Categorical Legislative Prohibitions on Defenses in Criminal Cases

NACDL continues to actively oppose legislative efforts in Virginia to categorically prohibit certain defenses in criminal cases.

It is NACDL’s position that categorical legislative prohibitions of defenses in criminal cases chip away at the foundational principles of our criminal justice system and undermine well-established rules of evidence that serve to balance principles of relevance and due process rights of accused persons. Legislation that focuses on limiting certain defenses and the consequential media attention that follows encourages the public to believe that trials are conducted by judges mechanically applying the law instead of through an adversarial process culminating in a fair jury verdict that is based on a thorough and searching consideration of all of the relevant evidence at trial.  

On February 16, 2019, after significant study by NACDL's Task Force on Defenses, NACDL's Board of Directors adopted a resolution "Concerning Categorical Legislative Prohibitions of Defenses in Criminal Cases."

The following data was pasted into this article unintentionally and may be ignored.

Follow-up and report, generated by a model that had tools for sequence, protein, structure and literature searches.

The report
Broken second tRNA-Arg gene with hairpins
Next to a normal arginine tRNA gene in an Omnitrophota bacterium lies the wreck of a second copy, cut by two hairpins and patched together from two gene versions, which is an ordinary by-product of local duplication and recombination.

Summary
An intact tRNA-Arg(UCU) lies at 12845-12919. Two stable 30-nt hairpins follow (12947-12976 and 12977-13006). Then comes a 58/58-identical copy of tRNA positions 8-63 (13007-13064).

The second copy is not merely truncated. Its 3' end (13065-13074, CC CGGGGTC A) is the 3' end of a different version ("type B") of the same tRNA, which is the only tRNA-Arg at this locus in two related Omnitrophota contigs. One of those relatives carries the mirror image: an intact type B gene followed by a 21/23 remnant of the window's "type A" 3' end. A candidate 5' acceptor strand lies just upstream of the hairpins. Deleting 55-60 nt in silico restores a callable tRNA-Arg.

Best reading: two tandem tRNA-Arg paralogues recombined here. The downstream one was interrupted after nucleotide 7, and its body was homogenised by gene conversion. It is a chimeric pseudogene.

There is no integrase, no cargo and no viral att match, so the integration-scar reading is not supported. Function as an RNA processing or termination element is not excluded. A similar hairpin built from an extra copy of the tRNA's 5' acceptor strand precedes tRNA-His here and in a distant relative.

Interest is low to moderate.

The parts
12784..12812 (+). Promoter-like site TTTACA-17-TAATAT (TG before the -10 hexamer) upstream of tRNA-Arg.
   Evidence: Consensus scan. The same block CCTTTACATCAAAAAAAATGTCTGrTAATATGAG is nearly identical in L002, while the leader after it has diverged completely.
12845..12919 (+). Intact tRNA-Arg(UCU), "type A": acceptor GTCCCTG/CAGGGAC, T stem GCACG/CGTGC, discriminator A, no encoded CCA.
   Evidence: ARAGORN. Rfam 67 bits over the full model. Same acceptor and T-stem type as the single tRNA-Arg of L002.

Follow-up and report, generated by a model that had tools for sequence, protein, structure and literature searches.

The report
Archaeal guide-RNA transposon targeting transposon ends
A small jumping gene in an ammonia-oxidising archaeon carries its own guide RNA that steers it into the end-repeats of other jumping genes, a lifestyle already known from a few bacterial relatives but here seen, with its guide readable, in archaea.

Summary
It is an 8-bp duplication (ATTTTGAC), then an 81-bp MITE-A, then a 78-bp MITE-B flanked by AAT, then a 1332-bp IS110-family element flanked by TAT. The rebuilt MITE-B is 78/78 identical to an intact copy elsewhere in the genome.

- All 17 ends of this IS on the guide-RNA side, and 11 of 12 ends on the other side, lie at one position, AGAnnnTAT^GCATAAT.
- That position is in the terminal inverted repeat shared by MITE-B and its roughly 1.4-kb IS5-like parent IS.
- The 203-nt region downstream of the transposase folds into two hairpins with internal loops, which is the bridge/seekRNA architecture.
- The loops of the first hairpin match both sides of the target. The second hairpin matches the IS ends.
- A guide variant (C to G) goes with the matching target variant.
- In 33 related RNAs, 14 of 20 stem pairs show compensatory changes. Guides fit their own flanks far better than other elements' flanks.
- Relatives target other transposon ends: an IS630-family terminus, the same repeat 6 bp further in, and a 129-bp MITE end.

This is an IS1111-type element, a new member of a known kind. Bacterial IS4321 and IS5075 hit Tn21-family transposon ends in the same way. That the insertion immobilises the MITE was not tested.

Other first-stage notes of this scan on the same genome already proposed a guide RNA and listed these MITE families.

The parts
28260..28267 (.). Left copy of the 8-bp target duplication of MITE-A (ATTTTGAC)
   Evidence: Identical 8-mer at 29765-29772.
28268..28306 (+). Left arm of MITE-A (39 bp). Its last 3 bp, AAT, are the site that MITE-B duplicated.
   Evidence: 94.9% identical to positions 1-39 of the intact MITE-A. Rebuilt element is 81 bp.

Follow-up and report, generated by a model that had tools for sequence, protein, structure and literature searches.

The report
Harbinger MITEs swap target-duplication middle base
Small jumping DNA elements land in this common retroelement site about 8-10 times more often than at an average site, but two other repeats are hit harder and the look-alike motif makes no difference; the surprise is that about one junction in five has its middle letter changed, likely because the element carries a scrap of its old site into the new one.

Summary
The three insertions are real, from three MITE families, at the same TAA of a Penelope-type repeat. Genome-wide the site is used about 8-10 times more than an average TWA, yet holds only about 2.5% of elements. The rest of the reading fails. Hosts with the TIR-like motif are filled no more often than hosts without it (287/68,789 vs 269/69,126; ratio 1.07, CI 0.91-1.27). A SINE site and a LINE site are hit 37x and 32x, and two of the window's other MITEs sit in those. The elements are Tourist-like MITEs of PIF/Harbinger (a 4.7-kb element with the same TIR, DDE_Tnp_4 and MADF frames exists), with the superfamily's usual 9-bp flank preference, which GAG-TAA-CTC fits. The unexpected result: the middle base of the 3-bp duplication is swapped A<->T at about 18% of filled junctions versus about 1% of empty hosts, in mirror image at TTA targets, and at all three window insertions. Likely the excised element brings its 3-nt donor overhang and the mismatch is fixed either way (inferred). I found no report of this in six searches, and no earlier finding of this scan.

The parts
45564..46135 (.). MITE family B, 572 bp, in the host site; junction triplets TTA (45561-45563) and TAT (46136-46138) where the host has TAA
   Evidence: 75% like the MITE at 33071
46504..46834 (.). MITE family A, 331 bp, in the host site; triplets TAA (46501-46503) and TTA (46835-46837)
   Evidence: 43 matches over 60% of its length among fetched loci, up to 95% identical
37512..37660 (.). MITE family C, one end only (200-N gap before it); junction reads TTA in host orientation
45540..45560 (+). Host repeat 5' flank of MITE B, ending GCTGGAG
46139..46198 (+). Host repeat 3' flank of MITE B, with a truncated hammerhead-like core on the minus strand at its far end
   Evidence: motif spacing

On February 3, 2021, NACDL Past President Nina Ginsberg submitted written testimony to the Virginia House Courts of Justice Committee regarding HB 2132, legislation to establish that "the discovery of, perception of, or belief about another person's actual or perceived sex, gender, gender identity, or sexual orientation, whether or not accurate, is not a defense to any charge of capital murder, murder in the first degree, murder in the second degree, voluntary manslaughter, or assault and bodily wounding-related crimes and is not provocation negating malice as an element of murder." HB 2132 was signed into law by Governer Ralph Northam on March 31, 2021. 

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